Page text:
The Group also planned for some future Friday meetings.
Tasting: Kyla brought five brands of ketchup including Heinz, Del Monte, Hunts, Country, & Trader Joe's Organic. The Country and TJ's Organic were noticeably different from the big name brands.

April 5: We congratulate both Bill Anderegg & Jen Johnson, who were just awarded NSF Graduate Research Fellowships, based on "outstanding abilities and accomplishments, as well as ... potential to contribute to strengthening the vitality of the U.S. science and engineering enterprise."  This is great recognition, in a very competitive setting.
April 9: Chris Doughty gave us his first practice run of a talk he plans to give as part of a job application in a few weeks. He spoke about how the albedo or energy efficiency of crop plants may be increased by modifying their morphology.
Tasting: Chris brought three kinds of Brazilian jellies: guava, sweet potato & pumpkin that we spread on delicious crackers. Some of us liked the guava best.
Carolyn Snyder announced that she has accepted a position, starting in July, as Director for Clean Energy & Climate Policy for the State of Delaware.
April 16: Chris Doughty continued his practice for a job application by giving an introductory lecture on simple climate models and how forests affect climate. In return he received an active critique from his audience.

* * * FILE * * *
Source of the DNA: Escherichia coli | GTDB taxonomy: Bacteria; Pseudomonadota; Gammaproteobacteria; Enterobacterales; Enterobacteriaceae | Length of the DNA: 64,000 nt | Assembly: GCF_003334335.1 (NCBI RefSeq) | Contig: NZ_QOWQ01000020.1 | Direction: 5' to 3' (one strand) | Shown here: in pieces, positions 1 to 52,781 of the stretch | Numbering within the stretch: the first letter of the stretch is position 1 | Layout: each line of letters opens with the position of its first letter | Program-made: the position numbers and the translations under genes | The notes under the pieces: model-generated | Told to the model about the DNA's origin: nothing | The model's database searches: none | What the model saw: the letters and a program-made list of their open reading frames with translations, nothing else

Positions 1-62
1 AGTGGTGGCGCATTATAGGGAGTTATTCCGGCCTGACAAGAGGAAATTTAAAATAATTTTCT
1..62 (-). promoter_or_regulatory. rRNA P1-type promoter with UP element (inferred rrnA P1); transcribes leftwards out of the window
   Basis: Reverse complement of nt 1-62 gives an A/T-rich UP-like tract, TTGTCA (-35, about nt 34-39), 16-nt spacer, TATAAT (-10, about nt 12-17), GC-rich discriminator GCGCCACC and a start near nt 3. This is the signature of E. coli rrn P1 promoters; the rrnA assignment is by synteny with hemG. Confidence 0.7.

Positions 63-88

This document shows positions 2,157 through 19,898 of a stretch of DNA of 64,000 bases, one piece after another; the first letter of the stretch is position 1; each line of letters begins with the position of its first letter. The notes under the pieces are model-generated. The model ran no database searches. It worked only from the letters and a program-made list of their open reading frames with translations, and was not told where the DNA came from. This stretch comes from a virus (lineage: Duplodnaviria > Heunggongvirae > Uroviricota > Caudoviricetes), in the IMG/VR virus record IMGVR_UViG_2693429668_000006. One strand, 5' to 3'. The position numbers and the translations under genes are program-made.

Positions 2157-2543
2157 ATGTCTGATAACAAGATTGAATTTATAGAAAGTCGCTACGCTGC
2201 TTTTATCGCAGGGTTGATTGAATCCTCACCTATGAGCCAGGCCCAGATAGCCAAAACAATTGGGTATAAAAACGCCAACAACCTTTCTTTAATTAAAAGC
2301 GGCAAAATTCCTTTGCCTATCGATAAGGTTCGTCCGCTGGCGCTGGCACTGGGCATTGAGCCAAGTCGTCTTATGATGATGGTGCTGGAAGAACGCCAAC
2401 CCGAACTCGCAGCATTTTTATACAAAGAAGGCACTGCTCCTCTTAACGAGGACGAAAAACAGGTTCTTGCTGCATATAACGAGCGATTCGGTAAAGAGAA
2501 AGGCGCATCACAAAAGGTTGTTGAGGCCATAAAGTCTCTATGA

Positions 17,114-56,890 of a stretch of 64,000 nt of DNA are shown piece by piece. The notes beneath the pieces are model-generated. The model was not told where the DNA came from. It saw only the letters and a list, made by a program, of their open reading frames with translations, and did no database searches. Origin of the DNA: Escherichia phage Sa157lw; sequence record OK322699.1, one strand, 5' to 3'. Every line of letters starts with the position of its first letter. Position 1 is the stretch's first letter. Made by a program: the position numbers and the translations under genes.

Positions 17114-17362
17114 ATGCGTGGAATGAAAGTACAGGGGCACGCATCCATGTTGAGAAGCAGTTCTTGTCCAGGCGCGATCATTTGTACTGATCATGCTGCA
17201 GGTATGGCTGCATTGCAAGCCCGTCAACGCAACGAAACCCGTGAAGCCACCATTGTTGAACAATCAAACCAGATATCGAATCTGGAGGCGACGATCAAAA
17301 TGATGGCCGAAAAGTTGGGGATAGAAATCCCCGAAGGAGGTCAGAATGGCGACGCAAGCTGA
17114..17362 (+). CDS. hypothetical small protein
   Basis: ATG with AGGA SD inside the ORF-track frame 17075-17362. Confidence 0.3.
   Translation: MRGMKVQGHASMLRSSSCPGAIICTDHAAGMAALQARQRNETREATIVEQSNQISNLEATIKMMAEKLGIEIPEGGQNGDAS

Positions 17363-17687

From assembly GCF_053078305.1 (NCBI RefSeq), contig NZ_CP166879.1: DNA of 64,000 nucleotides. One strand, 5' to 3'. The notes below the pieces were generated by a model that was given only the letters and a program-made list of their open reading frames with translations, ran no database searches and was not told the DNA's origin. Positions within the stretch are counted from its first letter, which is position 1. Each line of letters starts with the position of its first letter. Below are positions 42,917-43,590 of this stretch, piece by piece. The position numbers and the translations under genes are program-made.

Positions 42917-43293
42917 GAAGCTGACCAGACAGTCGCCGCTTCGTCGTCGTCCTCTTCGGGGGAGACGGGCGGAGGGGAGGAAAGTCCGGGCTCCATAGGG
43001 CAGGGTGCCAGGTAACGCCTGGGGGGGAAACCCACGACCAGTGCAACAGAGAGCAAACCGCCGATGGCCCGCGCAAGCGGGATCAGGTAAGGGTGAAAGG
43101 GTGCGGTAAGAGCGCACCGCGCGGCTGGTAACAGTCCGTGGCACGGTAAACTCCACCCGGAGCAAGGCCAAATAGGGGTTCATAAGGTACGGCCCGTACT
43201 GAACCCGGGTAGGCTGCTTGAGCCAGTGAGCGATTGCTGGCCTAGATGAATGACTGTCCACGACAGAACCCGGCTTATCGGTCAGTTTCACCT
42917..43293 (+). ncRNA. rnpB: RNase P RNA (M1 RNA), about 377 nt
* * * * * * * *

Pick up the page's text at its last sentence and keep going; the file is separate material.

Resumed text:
Tasting: Chris brought four kinds of bread including rye, whole wheat, potato & multi grain. Each had its unique flavor, but all contained wheat flour because it's the gluten that holds them together. Too bad for those allergic to gluten.
April 23: The Group discussed the final Chapter: Walker's World in the paper by Broecker/Peng — GREENHOUSE PUZZLES begun last month. Walker et al postulated the role of atmospheric CO2 as the chemical policeman controlling the flow of continental weathering products to the sea, and thereby maintaining a balance between the rate of outgassing of CO2 gas from our planet's interior and the rate of CO2 removal to sea floor sediments as calcite. The important consequence of this police action is its influence on Earth climate.
Tasting: Four people brought different soft cheeses that we spread on bread to taste. There were two Goat cheeses with different flavors mixed in and one mild Farmer's cheese. The different idea was Easy Cheese from Kraft. It comes in a pressurized can that can be released by bending the spout much like whipping cream from a can. It tastes like processed cheddar, but needs no refrigeration because it's pressurized under Nitrogen gas.
April 30: The Group met in the Shop for a lesson in Welding. Chris Field demonstrated different types and let those who wished practice. always with the proper mask for safety. Click on photo for another view.
Tasting: Chris brought a variety of plant leaves including not only lettuce & spinach but many others with exotic names and flavors.